I seem to have misplaced my calendar, and I can’t figure out if today is “the Yankees are going to overpay Derek Jeter” day, or if it’s “The Yankees are going to hold the line and pay Jeter what he’s actually worth” day. Can someone help me? Ah, there’s Joel Sherman now:
In a meeting in Tampa last week, Yankees officials did the requisite lap of respect with Derek Jeter. They honored his place in organization history, his meaning to the fan base and his legacy on and off the field. But once the admiration portion of the program was complete, Yankee officials also made sure to tell Jeter it is their intention to offer him a baseball contract. Period.
Snark aside, I like the way Sherman — or, if the phrase came from a source, the source — phrases this. Because that’s what we’re really talking about here is whether Jeter is going to get a “baseball contract” or something that places some Face of the Franchise value on him. Sherman called it a “victory lap deal” on his Twitter feed this morning, and I rather like that construction.
But whatever you call it, that’s the kind of conversation that is important. Now that it has been had, the dollars are way easier to consider. Well, that is unless Jeter simply doesn’t believe that he should get a baseball deal as opposed to a multi-faceted marketing/warm fuzzies kind of deal.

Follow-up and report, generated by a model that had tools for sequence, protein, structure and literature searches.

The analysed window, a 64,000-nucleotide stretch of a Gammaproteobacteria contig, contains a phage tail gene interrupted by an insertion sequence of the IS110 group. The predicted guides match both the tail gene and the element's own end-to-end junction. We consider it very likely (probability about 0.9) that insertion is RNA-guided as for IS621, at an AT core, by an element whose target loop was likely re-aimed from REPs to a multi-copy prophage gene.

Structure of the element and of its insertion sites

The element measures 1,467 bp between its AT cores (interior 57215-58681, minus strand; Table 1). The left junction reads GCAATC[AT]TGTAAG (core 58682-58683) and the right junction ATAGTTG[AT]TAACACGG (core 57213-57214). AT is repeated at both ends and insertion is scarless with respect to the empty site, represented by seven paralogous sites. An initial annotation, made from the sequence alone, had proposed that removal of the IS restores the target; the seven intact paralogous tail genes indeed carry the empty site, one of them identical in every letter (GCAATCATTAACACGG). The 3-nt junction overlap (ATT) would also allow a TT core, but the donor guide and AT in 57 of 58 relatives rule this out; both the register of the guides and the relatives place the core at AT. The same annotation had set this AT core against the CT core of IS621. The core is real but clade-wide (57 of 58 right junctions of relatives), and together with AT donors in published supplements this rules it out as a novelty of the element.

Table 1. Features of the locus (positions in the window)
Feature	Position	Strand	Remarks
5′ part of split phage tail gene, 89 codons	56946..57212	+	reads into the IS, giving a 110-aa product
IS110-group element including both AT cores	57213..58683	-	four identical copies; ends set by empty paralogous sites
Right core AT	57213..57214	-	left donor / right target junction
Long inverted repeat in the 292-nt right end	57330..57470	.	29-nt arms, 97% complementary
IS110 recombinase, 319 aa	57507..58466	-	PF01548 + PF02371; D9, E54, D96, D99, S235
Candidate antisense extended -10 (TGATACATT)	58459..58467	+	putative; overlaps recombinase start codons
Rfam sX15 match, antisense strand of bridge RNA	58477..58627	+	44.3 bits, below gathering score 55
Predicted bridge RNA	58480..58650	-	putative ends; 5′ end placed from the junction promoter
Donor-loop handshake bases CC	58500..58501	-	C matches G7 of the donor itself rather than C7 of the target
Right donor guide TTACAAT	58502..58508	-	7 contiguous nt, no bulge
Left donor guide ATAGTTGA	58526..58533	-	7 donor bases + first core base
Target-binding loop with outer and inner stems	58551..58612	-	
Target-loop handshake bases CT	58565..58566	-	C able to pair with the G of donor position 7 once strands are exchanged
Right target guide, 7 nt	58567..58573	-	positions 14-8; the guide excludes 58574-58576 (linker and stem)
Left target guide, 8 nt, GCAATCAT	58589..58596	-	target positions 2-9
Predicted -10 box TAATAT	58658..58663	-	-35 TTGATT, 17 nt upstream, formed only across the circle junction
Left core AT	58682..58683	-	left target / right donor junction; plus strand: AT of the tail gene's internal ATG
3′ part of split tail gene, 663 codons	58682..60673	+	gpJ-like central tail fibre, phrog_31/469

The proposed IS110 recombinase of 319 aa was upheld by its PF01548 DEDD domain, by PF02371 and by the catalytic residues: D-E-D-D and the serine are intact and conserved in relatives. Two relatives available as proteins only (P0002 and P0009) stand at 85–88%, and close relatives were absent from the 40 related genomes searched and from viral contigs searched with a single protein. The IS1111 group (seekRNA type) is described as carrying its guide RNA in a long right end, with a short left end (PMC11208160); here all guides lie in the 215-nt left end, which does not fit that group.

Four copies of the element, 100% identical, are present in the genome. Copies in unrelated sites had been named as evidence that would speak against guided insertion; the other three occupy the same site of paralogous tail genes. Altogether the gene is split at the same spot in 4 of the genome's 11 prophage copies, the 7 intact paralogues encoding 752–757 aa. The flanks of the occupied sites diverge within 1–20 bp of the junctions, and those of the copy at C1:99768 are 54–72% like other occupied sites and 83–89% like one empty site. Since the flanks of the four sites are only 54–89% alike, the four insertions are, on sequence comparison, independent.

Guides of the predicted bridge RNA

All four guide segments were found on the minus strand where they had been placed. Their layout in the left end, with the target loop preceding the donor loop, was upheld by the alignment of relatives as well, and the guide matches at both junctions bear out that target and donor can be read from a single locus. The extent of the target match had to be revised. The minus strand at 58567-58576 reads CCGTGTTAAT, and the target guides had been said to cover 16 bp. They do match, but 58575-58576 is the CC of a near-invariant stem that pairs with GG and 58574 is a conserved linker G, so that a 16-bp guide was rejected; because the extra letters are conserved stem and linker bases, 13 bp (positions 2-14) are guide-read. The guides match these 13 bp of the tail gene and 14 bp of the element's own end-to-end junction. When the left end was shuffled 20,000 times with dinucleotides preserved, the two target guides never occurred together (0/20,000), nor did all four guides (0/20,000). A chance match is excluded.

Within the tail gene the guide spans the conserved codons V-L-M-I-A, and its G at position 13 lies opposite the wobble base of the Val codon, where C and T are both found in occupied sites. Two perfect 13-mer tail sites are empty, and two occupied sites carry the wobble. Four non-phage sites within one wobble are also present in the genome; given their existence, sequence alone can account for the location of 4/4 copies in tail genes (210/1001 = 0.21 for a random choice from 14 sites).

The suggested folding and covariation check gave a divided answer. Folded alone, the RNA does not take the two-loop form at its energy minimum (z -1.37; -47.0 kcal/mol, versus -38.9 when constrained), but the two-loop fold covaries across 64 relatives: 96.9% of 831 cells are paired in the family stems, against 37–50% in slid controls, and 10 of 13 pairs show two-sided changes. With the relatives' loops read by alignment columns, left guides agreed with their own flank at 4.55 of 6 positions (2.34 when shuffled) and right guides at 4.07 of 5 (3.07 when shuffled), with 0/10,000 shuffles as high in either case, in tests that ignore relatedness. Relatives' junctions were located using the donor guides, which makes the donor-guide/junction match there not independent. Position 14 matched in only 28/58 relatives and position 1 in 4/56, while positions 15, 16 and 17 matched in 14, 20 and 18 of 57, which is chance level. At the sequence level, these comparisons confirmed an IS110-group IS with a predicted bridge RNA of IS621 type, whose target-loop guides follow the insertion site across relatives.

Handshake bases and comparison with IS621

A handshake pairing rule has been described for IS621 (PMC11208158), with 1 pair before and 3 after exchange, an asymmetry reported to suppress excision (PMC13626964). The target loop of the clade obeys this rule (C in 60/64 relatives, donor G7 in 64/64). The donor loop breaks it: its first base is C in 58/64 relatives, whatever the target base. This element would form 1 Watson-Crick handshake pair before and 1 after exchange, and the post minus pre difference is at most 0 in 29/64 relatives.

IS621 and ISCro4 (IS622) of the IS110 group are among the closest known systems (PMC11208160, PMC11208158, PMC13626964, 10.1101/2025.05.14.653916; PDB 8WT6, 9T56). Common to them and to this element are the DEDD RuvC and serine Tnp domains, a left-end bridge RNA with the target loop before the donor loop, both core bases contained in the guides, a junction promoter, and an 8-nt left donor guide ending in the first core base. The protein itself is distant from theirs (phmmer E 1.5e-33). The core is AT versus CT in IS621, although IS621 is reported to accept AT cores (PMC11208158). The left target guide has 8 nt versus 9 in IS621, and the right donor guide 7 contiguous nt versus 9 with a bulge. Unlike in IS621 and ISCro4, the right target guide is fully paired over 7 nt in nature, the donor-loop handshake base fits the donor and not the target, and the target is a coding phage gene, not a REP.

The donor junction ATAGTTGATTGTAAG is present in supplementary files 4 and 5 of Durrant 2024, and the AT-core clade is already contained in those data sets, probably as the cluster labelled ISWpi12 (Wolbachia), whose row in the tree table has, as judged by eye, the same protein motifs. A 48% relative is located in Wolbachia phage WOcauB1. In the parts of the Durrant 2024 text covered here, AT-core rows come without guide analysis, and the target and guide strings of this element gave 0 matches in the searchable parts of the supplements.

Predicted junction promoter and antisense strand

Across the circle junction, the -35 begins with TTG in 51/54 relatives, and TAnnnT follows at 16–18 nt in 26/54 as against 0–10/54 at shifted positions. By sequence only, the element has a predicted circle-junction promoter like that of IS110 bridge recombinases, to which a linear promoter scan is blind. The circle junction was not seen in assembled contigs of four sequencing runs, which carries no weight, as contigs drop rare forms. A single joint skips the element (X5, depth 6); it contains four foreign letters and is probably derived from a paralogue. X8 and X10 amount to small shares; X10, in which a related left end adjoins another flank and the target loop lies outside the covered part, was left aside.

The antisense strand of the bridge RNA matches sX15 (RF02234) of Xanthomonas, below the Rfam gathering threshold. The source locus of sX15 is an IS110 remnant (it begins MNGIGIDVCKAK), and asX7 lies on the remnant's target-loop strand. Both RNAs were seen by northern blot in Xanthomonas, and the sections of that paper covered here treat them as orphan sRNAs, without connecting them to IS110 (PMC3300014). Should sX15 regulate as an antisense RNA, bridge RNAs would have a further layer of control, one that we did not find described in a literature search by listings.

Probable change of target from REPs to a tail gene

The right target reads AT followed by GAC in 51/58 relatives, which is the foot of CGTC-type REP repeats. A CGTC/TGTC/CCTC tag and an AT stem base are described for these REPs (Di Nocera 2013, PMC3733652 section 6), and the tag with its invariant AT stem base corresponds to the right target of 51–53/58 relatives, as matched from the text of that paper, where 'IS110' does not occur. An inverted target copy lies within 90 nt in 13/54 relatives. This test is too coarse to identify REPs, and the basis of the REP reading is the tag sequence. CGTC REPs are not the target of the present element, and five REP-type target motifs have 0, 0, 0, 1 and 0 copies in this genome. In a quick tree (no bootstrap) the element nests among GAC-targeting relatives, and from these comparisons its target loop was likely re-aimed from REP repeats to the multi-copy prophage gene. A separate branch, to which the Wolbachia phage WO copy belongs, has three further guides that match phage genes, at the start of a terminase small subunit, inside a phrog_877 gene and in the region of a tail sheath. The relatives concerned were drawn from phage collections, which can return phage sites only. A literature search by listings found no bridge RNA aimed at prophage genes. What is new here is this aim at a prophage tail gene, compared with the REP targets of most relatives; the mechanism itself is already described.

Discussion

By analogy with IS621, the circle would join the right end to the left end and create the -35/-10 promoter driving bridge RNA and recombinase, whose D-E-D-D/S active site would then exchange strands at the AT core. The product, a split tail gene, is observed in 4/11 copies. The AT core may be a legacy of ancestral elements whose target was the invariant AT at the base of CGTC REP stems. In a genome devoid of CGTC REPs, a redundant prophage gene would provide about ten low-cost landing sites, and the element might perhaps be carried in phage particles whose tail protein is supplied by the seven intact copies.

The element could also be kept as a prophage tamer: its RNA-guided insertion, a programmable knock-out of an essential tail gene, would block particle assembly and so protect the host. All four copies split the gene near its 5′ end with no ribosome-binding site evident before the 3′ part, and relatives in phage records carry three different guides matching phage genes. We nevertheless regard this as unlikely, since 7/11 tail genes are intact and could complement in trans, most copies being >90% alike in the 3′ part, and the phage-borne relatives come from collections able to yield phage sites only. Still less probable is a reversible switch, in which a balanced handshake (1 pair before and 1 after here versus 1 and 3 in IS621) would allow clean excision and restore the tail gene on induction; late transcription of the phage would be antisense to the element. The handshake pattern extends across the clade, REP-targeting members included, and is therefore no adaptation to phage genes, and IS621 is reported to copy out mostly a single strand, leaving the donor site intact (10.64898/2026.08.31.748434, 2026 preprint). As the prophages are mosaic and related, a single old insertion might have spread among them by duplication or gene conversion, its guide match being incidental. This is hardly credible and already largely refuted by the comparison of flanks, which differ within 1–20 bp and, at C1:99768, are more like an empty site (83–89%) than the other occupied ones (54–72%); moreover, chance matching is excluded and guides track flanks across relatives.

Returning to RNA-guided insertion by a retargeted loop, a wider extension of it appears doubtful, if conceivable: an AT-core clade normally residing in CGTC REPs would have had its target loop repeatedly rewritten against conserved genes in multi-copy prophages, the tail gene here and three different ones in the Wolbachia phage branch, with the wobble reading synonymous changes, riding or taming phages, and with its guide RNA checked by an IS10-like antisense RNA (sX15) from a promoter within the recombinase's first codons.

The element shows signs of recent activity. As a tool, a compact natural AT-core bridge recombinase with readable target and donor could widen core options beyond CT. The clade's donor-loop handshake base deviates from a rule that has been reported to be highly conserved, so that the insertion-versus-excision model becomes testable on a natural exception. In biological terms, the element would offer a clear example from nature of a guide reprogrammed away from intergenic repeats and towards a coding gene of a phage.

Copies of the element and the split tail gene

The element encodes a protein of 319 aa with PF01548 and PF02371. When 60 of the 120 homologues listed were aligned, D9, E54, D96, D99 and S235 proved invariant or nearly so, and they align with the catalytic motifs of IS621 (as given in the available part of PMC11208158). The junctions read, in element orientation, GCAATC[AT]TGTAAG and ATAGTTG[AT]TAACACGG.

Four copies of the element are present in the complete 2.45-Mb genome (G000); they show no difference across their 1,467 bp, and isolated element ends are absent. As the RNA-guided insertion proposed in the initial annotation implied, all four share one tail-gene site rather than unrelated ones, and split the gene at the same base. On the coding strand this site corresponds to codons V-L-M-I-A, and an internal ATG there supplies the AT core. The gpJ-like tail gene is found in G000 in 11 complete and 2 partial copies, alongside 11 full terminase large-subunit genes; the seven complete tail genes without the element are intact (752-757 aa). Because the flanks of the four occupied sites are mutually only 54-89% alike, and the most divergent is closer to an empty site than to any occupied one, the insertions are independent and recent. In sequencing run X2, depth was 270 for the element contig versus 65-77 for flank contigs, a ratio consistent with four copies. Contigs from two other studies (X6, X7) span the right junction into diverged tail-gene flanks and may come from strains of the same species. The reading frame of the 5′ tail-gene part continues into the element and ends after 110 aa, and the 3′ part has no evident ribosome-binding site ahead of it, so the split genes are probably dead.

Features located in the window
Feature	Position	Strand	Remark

Wild Card teams get to set their roster for the one-and-done game and then reset it for the Division Series if they advance. As such, you sometimes see some weirdness with the wild card roster. The Yankees, who just set theirs for tonight’s game, are no exception.
Masahiro Tanaka will be tonight’s starter, but Luis Severino, also a starter, will be around as well in case Tanaka gets knocked out early and they need more innings. In all, the Yankees are carrying nine pitchers and three catchers. In addition, they have Rob Refsnyder, Slade Heathcott, and pinch-runner Rico Noel as bench players. In case you forgot, pinch running can matter a lot in a Wild Card Game.
Either way, it beats having a regular season-type roster with 13 pitchers or something. I mean, if you’re using more than nine pitchers, you ain’t winning anyway.
Here’s the whole roster:
It was inevitable that someone would report on what, specifically, was going on with CC Sabathia in the run up to his decision to go into rehab yesterday. And today we have that story, at least in the broad strokes, from the New York Post.
Speaking to an anonymous source close to Sabathia, the Post reports that the Yankees’ starter more or less went on a bender from Thursday into Friday and continued on to Saturday, which resulted in his Sunday afternoon phone call to Brian Cashman in which he said he needed help.
Notable detail: Sabathia is referred to as “not a big drinker” in the story. Which is something worth thinking about when you think of others who have trouble with alcohol. It’s not always about massive or constant consumption. It’s about the person’s relationship with substances that is the real problem. Many who drink a good deal are totally fine. Many who don’t drink much do so in problematic ways and patterns. For this reason, and many others, it’s useful to avoid engaging in cliches and stereotypes of addicts.